It seems tragic that someone as talented as Dunne had to spend energy trying to deceive people and experience shame about his sexuality for most of his life. Yet Capote, who was out of the closet, was full of self-loathing and in his last years, lived a sad existence. Dunne, who spoke about his father mistreating him as a child for being a sissy, stayed in the closet his entire adult life. After achieving real success, Dunne became addicted to drugs and alcohol, but then found sobriety living alone in rural Oregon of all places. He was attracted to other men and yet rejected the notion of being openly gay. For both writers, the shame of their gayness drove their drive for celebrity and acceptance.
In an eerie coincidence, Dunne’s most famous novel The Two Mrs. Grenvilles (1985) was based on the notorious Woodward murder scandal that Capote had referred to in his own novel Answered Prayers, published posthumously that same year.
Capote was dropped by his adored society friends after exposing their deepest secrets in his book. The Two Mrs. Grenvilles picks up where Capote left off.
Dunne wrote with panache about high society intrigue, sexual obsession, greed and murder. It was made into a rather good television movie in 1987 starring Claudette Colbert and Ann Margret. Dunne paid homage by having a narrator named Basil Plant who, more than just a little bit, resembled Capote.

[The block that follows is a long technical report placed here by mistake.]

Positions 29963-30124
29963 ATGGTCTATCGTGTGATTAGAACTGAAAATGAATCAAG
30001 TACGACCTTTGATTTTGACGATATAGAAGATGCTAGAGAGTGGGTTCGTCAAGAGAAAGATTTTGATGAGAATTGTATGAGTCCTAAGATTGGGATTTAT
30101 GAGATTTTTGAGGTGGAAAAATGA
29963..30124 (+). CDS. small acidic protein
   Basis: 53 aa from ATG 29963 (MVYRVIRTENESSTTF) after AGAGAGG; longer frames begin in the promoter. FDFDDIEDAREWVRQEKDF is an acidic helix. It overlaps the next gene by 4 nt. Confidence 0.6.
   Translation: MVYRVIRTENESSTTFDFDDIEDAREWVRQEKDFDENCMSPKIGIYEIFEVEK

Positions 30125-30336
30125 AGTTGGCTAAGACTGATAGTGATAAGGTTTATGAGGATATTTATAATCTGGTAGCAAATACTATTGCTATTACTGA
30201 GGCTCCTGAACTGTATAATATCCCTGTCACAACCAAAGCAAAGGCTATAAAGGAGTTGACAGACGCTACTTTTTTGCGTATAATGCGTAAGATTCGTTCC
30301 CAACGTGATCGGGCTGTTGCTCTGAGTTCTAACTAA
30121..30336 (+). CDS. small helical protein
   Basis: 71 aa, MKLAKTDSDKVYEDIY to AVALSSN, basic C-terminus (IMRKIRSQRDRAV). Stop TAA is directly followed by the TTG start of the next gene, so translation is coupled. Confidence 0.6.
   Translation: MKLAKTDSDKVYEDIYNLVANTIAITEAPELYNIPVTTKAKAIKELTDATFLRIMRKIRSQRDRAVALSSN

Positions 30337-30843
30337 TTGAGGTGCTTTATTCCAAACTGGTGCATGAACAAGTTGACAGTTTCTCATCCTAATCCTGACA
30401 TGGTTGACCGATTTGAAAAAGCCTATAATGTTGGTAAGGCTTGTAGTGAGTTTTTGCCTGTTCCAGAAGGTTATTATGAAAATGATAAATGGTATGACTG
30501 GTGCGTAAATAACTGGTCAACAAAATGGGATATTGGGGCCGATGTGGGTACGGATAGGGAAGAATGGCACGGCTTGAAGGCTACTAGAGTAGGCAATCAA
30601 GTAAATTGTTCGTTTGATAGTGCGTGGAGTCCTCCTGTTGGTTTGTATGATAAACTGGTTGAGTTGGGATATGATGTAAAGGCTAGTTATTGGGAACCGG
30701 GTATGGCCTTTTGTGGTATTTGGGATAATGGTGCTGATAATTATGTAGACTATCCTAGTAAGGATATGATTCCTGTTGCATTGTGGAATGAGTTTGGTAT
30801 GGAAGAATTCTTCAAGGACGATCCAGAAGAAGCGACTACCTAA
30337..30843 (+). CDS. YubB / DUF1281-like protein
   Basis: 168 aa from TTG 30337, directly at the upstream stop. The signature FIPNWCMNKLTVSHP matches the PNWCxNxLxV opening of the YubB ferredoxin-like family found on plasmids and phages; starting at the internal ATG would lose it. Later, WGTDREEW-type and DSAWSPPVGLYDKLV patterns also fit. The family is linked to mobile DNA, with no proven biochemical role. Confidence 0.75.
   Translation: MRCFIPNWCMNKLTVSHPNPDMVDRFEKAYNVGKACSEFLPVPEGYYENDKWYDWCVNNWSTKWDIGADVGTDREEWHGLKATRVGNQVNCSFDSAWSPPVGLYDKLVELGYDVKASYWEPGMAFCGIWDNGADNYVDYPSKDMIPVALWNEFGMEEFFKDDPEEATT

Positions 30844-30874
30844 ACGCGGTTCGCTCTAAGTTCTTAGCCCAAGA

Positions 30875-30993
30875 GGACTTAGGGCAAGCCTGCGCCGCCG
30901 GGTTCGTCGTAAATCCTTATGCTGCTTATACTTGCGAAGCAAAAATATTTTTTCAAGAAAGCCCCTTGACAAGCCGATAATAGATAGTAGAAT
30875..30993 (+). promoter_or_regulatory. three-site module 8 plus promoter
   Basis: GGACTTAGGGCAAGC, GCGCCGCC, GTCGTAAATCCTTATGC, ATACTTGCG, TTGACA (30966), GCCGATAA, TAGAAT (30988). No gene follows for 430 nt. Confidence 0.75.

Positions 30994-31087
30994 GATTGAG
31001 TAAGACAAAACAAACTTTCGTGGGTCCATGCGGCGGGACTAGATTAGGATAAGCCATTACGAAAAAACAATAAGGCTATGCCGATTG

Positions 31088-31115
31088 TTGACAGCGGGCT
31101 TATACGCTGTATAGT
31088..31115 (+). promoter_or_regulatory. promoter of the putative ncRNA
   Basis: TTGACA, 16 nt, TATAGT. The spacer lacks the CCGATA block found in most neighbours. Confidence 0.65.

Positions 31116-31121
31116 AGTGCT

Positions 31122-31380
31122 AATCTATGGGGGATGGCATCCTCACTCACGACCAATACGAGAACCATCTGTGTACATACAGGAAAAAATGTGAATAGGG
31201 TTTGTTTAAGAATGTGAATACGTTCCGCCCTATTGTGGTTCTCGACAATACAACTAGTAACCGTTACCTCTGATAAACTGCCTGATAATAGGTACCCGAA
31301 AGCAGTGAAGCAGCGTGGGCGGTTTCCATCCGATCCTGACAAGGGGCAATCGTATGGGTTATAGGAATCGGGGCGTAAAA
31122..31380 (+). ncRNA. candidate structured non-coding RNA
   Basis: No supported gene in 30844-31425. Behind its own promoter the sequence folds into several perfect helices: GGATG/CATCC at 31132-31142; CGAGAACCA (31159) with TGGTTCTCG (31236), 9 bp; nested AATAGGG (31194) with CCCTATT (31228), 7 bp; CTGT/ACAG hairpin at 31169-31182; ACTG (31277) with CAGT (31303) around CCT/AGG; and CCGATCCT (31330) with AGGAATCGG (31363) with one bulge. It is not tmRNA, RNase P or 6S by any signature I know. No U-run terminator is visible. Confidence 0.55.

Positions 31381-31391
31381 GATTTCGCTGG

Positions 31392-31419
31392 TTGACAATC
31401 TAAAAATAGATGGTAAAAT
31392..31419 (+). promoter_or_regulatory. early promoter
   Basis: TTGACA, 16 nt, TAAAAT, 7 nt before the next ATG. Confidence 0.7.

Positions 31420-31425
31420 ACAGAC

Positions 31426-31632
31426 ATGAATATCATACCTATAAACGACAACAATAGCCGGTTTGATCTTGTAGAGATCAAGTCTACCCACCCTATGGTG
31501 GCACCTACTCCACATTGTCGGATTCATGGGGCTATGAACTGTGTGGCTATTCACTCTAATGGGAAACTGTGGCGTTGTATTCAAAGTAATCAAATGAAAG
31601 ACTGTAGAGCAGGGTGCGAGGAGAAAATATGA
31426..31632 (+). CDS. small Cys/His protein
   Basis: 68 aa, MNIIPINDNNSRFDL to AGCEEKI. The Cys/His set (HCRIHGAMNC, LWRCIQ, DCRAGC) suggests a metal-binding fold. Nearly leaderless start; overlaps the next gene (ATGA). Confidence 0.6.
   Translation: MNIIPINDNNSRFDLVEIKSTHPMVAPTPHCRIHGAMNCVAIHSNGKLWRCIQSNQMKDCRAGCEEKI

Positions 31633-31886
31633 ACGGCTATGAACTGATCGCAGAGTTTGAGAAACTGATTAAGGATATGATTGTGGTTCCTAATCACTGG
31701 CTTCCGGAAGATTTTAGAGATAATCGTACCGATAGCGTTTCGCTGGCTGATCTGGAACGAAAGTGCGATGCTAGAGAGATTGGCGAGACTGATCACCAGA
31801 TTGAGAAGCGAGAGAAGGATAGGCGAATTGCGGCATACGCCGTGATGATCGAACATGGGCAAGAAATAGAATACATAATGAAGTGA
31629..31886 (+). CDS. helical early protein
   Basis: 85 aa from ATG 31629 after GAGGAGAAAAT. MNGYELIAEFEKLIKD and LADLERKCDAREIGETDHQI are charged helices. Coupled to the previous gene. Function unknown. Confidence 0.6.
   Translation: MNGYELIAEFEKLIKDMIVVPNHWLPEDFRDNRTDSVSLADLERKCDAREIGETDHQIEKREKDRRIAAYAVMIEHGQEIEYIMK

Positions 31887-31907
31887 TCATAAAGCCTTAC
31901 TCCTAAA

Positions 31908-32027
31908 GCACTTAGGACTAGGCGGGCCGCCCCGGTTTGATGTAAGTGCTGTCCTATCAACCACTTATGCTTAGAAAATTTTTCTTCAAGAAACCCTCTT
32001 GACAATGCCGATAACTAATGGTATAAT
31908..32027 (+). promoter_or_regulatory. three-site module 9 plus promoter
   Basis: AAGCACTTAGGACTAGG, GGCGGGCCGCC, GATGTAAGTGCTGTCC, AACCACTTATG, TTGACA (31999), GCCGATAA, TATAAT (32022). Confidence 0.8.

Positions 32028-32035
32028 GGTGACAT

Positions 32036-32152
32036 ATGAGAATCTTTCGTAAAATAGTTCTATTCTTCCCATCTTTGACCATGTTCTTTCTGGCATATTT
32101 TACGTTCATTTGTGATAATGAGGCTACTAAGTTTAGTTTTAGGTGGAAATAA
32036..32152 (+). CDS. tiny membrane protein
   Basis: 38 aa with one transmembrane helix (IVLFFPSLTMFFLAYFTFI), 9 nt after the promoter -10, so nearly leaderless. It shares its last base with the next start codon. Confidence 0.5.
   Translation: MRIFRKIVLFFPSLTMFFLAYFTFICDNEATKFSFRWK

Dunne craved the spotlight just as much as Capote, and surrounded himself with just as many socialites and celebrities. In 1966, Dunne even threw his own Black And White Ball in Hollywood that rivaled Capote’s famous event at the Plaza Hotel in NYC. Dunne always claimed he had the idea first. He even published a charming coffee table book of photographs from his party, The Way We Lived Then: Recollections Of A Well-Known Name Dropper (1999).
Even at the end of his life, Dunne never lost his sense of humor or his gratitude for his life well-lived. He wrote movingly about his cancer in Vanity Fair. Capote was eventually taken down by his demons. He never owned them the way that Dunne was able to do. Both men treated life as an endless party, but Dunne never overstayed his welcome. One writer’s life was trashy and the other wrote trashy books.
In the 1970s, Dunne had an affair with Frederick Combs, a handsome actor who had been in the original Off-Broadway cast of The Boys In The Band, as well as the film version. Combs would always host a big Christmas party where all the guests brought wrapped gifts to be distributed to orphans. He also wrote a play, The Children’s Mass (1973) produced Off-Broadway starring his pal Sal Mineo. Combs was a genuine, charming, sweet guy and a positive influence in Dunne’s life. They were a popular couple in certain circles on both coasts in the 1970s. Combs was taken by the plague in 1992.
His beautiful daughter Dominique Dunne had just made her first major feature film, Poltergeist, when she was murdered by her ex-boyfriend in the driveway of her home in the Hollywood Hills in October 1982. She was just 22 years old. Dunne never recovered from losing his daughter. He dedicated the rest of his life to being a strong advocate for crime victims and their grieving families.